Tom Noel, PhD, presented "Colorado: A Liquid History and Tavern Guide," on November 3rd, 2014, sharing fascinating tales of saloons, and the social and political roles taverns played, especially for immigrants.
Charles Steinberg, MD, presented,"Photographer-Physician: A Synergistic Blend," on October 20th, 2014, exploring how your abilities as a clinician can make you a better photographer.
"The Ethics of Ebola Control Measures," a presentation by CBH Director Matthew Wynia, MD, MPH, was part of an Ebola Preparedness Briefing organized by the Colorado School of Public Health on October 24th, 2014. LEARN MORE>>
A screening of clips from the film, Winter in the Blood, based on the novel by Native American author James Welch was presented by Howie Movshovitz, PhD on October 13th, 2014.
"Art, Trauma and Healing," was presented by Simon Zalkind, Curator and Independent Art Advisor and Katherine Reed, ATR, LPC, Art Therapist and Program Manager, Children's Hospital Colorado, on October 6th, 2014.
Ethics Bites: Colorado's new Right to Try law was presented on July 28, 2014. This discussion featured two cases about terminally ill patients seeking experimental drugs; one about a four-year old with Niemann-Pick disease and another case about a woman with stage IV pancreatic cancer, facilitated by Christopher Lieu, MD-UCH Medical Oncology and Alison Sorkin, UCH Assistant General Counsel.
Ethics Bites: Marijuana Therapy for Epilepsy on June 23, 2014. This discussion focused on a case about a 14 year-old patient with seizures that are not well-controlled by medication. His parents want to try "Charlotte's Web," marijuana and are seeking a medical marijuana license for their son. 5280 Magazine recently featured an article by Kasey Cordell on this topic. Facilitators were Kari Franson, PharmD, PhD, BCPP, from University of Colorado Skaggs School of Pharmacy and Pharmaceutical Sciences & Heather Fitzgerald, RN, MS, Clinical Nurse Ethicist at Children's Hospital Colorado.
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Arrhythmias Spring Concert:Sun, Moon, Stars, featuring Karlotta Davis, MD, flautist, and directed by Christina Bishop, on Monday, April 21, 2014.
"Chemical Warfare: History, Science, Medicine, Morality," by Joseph Gal, PhD on April 14, 2014. This informative talk describes how chemical warfare continues to the present day, and the morality of participation by scientists, physicians and engineers in chemical weapon and WMD development.
"On the Brink of Disaster: George Washington and the American Revolution, 1775-76," by Ron Gibbs, MD on April 7th, 2014. Dr. Gibbs shared the momentous ideas, great personalities and seemingly incredible outcome of the American Revolution.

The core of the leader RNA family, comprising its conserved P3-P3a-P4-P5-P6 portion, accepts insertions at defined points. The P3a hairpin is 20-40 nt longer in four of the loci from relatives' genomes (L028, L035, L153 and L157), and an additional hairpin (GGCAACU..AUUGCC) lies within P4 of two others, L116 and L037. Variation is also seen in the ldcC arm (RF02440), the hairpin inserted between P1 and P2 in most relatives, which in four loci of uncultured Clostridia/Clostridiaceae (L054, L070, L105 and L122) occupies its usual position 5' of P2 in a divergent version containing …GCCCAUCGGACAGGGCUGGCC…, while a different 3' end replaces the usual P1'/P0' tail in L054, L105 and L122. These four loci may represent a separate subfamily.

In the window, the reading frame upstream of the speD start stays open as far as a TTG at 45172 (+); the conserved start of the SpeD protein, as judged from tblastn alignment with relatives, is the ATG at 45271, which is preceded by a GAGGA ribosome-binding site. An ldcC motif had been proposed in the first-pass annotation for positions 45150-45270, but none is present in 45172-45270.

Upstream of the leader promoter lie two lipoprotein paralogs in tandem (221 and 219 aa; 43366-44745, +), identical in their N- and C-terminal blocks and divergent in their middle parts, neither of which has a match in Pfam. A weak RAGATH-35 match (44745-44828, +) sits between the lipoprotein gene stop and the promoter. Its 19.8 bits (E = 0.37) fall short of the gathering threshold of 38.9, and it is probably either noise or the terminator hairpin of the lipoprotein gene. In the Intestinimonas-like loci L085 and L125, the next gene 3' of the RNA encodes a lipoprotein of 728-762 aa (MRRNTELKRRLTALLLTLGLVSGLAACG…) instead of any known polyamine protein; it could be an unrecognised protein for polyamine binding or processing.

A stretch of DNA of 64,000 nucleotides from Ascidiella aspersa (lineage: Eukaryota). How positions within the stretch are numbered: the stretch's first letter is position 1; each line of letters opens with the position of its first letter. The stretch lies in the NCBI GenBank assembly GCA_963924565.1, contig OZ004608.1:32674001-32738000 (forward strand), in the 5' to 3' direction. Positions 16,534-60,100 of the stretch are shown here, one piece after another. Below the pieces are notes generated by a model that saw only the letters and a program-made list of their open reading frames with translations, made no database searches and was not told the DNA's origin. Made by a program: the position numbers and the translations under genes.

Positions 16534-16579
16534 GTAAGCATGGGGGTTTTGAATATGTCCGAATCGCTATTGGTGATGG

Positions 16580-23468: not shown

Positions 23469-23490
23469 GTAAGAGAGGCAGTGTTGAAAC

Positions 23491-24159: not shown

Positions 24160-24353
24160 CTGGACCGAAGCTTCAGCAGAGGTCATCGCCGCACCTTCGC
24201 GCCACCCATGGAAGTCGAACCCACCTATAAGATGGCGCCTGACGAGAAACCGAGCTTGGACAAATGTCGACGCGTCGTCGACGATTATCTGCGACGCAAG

"The Art Imperative: Building Living Lifetime Collections," by Shannon Robinson on March 31st, 2104. This presentation offers practical tips on the art market and how everyone can become a collector.
"Germs and Weapons: The Evolving Rhetoric of Health Security," by Lisa Keranen, PhD, on March 3rd, 2014. Dr. Keranen is Associate Professor of Graduate Studies in the Department of Communication at University of Colorado Denver.
"Medical Symbolism: A Classical Battle" by Maria (Gaby) Frank, MD, on February 24th, 2014. Dr. Frank describes the origins of the use of the caduceus as a symbol for medicine, and our knowledge of about Hermes vs. Asclepius.
"Pierrot Lunaire 101" - Concert/Presentation by Playground on February 10th, 2014. Arnold Schoenberg's revolutionary music sounds as fresh, engaging and disturbing today as it did at its premiere over 100 years ago.
"The Cinema of Iran," by Howie Movshovitz, PhD, University of Colorado College of Arts and Media, and Artistic Director of the Denver Silent Film Festival, on Monday, February 3rd, 2014. Read Adam Goldstein's story about this presentation in the Aurora Sentinal.
"Rebuilding Body and Mind Through Body Art," by Tara Gray-Wolfstar, RN and Gwynn "Wolf" Wolfstar, RN, BSN on December 9th, 2013. The co-owners of Enchanted Ink in Boulder discuss the use of body art to facilitate a positive body image following surgery.
"Passport to Paris at the Denver Art Museum," by curator Timothy J. Standring on November 25, 2013. This presentation is an entertaining overview of French art history from the 17th through 20th century.